It seems obvious when you think about it, but before you want to let a high-speed train loose on a national network, you probably want to test it first? But where do you do it without being ‘on’ the network.
Well, the simple answer, is that the national networks provide test tracks in the same way we would expect with cars. These tracks represent the real-world environments of the ‘actual’ network and include both physical and non-physical features which represent operational life of a railway.
It’s on these test tracks that anyone planning or hoping to provide equipment and services, must be tested before moving to operational use. This could be for something as small as an electronic device which could potentially interfere with communications, through to full high-speed trains, with all the paraphernalia that comes with them.
As with all things, supply and demand kicks in on a test track too, and whilst there may be many providers looking to get onto the track (to get onto the network), there is only so much capacity available, and hence this needs to be controlled.
Excel is the old favourite for these problems, wrapped in a manual process. The problem comes as demand increases, bookings change, costs change etc, etc, this all becomes a complex management problem very quickly. With the test track still having to cover its costs, utilisation becomes everything.
There are also operational considerations, where the networks may need to roll-out equipment which needs to be tested, and if a slot does not exist, operational delays can also be introduced.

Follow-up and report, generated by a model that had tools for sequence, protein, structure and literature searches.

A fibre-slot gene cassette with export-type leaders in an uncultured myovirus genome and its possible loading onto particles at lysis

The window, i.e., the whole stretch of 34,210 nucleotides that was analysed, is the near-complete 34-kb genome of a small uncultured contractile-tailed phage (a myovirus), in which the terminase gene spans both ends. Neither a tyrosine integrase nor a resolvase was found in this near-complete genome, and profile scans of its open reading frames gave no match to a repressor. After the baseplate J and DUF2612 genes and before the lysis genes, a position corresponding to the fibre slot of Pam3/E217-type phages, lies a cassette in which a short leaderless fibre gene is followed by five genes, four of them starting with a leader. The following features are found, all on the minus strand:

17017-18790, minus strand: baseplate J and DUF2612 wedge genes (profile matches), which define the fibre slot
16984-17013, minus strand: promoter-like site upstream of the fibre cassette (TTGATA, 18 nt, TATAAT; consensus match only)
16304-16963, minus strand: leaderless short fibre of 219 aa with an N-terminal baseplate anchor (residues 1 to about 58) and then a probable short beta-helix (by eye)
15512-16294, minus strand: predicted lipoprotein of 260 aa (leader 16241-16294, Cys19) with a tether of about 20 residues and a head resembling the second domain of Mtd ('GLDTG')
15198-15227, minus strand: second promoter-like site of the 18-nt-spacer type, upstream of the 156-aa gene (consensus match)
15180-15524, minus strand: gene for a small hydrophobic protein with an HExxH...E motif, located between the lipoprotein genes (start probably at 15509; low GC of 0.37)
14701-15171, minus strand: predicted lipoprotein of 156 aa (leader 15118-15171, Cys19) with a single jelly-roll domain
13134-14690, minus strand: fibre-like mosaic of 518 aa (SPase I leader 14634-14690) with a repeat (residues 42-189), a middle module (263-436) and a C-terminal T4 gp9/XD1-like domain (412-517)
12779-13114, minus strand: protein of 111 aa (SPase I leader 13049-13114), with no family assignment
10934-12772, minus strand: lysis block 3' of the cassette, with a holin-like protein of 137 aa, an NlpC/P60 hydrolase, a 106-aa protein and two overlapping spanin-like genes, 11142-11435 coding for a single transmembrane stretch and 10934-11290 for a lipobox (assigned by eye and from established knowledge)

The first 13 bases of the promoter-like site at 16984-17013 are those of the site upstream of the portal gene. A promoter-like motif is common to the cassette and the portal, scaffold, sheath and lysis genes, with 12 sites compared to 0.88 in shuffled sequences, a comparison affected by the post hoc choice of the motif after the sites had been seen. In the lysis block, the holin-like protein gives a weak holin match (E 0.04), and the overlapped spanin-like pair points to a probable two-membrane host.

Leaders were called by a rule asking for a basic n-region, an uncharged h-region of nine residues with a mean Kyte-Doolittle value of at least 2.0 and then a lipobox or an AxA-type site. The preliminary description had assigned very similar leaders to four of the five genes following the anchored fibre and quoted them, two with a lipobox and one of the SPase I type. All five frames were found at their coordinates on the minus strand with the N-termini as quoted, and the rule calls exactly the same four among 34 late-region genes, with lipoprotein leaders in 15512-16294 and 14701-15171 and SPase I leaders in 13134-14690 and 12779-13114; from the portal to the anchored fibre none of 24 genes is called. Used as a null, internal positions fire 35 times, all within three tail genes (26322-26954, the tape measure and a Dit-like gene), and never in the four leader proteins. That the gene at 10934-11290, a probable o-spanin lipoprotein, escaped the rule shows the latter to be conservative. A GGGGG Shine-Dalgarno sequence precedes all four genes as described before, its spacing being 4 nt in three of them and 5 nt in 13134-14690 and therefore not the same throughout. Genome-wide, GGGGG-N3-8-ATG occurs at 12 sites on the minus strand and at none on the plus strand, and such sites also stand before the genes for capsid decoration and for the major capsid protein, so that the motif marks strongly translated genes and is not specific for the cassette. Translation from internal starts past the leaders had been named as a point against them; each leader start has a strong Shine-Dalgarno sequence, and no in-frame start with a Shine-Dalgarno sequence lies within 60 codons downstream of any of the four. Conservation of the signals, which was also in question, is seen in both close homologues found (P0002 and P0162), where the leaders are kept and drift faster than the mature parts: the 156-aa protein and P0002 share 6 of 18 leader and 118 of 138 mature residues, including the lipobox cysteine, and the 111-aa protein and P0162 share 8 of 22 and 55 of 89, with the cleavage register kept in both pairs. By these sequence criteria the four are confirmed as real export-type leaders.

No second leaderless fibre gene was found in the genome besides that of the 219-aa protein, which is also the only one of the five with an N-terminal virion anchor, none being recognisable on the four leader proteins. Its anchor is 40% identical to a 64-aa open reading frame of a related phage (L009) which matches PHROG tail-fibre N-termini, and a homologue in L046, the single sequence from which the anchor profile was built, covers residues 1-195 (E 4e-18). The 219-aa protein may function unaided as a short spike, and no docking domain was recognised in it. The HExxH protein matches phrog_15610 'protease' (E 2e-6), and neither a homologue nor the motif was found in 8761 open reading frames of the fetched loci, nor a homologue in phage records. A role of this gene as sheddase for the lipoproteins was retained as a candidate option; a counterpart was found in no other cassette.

Finally, you want to help the supplier help themselves by finding a slot on the test network to test their equipment, but with back and forward with emails and calls, the efficiency of this approach falls way quickly.
The way we approached the solution was to develop a contract collaboration platform which would allow both the customer and supplier (of the contract) to work together in real-time, removing the siloed approach and delays introduced through a rigid process of interactions.
On one side the track provider was able to add, remove and configure capabilities that were available to book and schedule, and at the other end, the equipment manufacturer was able to check availabilities, register interest, configure, and schedule bookings.
This also extended to cost estimates, quotes, production of contracts and finally wrapping of the contract approval process. All of this could be performed live, but still under a level of control, such as version management of the contracts.
As with all customers, ongoing security was a clear issue and we worked with partners to perform security testing in advance of roll-out.
The approach delivered on the challenge, with improved accuracy and confidence around contracts, better visibility of bookings, increased utilisation of the services and overall a much improved customer experience.